9/11 tribute on Main
Fire trucks escort Never Forget mobile exhibit
MARSHALL — With sirens blaring, local firefighters escorted a traveling 9/11 exhibit trailer into and around Marshall on Thursday morning.
The 9/11 Never Forget mobile exhibit weaved its way through some of the main streets in Marshall, making a stop at Memorial Park before settling in at its final destination — the Lyon County Fairgrounds. An educational display featuring artifacts and photos from the Sept. 11, 2001, terror attacks on the World Trade Center in New York will be available for viewing today, Saturday and Sunday.
“When you come to the fair and see it opened up, it is incredible,” trailer driver Bill Puckett said. “It’s an honorable thing to be able to do this. We lost 343 firemen that day — and we’ve lost 176 since then.”
Puckett thanked Marshall Fire Chief Marc Klaith for putting the escort together.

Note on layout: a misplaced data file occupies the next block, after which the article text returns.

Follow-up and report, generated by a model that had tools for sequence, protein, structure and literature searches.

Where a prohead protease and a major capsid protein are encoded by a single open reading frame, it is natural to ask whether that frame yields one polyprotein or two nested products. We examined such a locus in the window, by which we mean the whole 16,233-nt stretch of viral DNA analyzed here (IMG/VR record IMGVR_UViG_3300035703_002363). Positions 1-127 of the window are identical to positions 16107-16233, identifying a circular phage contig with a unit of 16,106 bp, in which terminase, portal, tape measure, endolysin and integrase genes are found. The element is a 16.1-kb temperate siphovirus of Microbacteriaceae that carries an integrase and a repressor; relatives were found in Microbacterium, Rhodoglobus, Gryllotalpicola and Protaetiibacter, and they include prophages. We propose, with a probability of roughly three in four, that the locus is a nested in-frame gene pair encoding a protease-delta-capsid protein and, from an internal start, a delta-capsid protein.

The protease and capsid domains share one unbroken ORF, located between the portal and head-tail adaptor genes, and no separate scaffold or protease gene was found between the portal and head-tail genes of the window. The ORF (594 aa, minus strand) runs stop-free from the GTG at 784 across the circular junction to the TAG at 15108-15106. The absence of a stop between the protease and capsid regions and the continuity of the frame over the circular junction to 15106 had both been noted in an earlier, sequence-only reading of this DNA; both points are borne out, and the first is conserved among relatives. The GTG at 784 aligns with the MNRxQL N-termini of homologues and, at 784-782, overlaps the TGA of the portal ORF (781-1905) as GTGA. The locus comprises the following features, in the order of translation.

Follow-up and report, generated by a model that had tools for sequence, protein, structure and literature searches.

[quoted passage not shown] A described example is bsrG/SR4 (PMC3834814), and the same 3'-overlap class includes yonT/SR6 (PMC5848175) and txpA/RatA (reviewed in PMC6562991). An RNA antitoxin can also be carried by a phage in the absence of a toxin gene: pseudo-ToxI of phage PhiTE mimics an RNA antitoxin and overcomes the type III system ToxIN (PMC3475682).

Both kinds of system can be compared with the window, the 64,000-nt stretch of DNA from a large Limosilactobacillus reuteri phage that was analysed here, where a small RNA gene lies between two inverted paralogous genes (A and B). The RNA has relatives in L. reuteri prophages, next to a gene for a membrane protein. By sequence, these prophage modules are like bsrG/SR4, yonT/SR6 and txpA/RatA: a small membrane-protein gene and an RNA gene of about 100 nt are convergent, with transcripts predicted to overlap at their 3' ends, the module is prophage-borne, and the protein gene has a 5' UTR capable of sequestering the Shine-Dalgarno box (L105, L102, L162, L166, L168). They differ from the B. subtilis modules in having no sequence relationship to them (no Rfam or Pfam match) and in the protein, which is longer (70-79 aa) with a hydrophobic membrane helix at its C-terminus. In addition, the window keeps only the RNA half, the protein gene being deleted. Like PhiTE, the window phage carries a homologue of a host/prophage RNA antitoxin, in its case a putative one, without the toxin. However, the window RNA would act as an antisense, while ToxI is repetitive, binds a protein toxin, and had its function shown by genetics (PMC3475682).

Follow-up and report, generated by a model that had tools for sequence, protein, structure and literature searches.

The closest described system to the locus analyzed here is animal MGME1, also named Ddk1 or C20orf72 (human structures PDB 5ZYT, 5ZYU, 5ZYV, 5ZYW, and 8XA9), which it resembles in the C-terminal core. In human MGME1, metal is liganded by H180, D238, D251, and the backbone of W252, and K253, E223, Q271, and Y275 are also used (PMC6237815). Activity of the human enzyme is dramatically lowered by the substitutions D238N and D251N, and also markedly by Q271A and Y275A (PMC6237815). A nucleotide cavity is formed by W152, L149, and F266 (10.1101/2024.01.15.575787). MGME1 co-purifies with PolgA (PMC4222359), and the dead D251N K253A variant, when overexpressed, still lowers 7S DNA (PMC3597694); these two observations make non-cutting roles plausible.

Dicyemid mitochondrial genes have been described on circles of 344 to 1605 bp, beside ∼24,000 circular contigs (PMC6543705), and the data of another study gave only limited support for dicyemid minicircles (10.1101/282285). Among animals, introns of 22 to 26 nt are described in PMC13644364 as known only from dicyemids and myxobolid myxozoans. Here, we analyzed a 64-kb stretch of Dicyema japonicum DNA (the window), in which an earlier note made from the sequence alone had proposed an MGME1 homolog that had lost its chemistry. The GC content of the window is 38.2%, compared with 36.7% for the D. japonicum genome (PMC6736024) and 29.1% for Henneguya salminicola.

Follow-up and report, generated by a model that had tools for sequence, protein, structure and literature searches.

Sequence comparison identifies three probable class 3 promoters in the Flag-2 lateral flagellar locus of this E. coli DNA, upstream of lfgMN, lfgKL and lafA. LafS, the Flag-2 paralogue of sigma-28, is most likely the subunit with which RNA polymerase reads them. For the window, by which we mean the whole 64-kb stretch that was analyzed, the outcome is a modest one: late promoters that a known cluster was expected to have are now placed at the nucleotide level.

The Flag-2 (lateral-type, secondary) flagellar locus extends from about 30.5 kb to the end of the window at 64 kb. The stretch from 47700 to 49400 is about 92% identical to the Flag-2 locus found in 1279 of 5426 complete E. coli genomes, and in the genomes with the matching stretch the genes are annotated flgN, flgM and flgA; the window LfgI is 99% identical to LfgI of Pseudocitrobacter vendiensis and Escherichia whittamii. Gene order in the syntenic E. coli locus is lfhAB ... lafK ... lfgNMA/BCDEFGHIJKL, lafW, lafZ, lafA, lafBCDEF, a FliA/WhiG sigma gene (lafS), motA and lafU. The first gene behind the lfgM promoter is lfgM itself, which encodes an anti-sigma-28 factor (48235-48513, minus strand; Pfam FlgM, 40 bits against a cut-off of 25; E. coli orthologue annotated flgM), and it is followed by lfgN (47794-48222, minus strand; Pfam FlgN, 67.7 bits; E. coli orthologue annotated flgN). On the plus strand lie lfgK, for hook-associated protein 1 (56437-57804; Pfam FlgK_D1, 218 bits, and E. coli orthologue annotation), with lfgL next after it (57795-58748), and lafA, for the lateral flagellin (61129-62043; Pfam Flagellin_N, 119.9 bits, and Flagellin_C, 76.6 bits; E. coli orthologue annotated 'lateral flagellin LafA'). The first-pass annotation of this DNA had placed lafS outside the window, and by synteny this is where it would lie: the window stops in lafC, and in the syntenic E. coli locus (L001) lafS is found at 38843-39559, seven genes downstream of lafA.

“It’s very nice,” Puckett said. “Marc’s done a good job of getting everybody together.”
Klaith organized the effort along with fair board representatives Deloris Richards and Wally Wichmann. Klaith added that every town in Lyon County participated in the escort.
“The community has been very supportive,” Klaith said. “I’ve even had local citizens call me and offer to pay for meals for the firefighters. People have also donated money.”
Marshall Mayor Bob Byrnes greeted the 9/11 Never Forget traveling exhibit personnel — though the responders who were at Ground Zero following the attacks were not expected to arrive until Thursday evening — at Memorial Park.
“This is impressive,” Byrnes said. “We’re fortunate to have this here.”
Countless people lined the streets to witness the escort, while a good number of others gave a warm welcome at Memorial Park. Representatives from Lyon County Fire Department Mutual Aid Association, city of Marshall and Monsanto showed the utmost respect.
“About 95 percent (of the New York firemen who responded) are retired now,” Puckett said. “There’s a lieutenant and a chief still active.”
Though it’s been more than 15 years, Puckett, a Texas native, said people should not forget what happened that day.
“If you don’t keep history alive, it will repeat itself,” he said.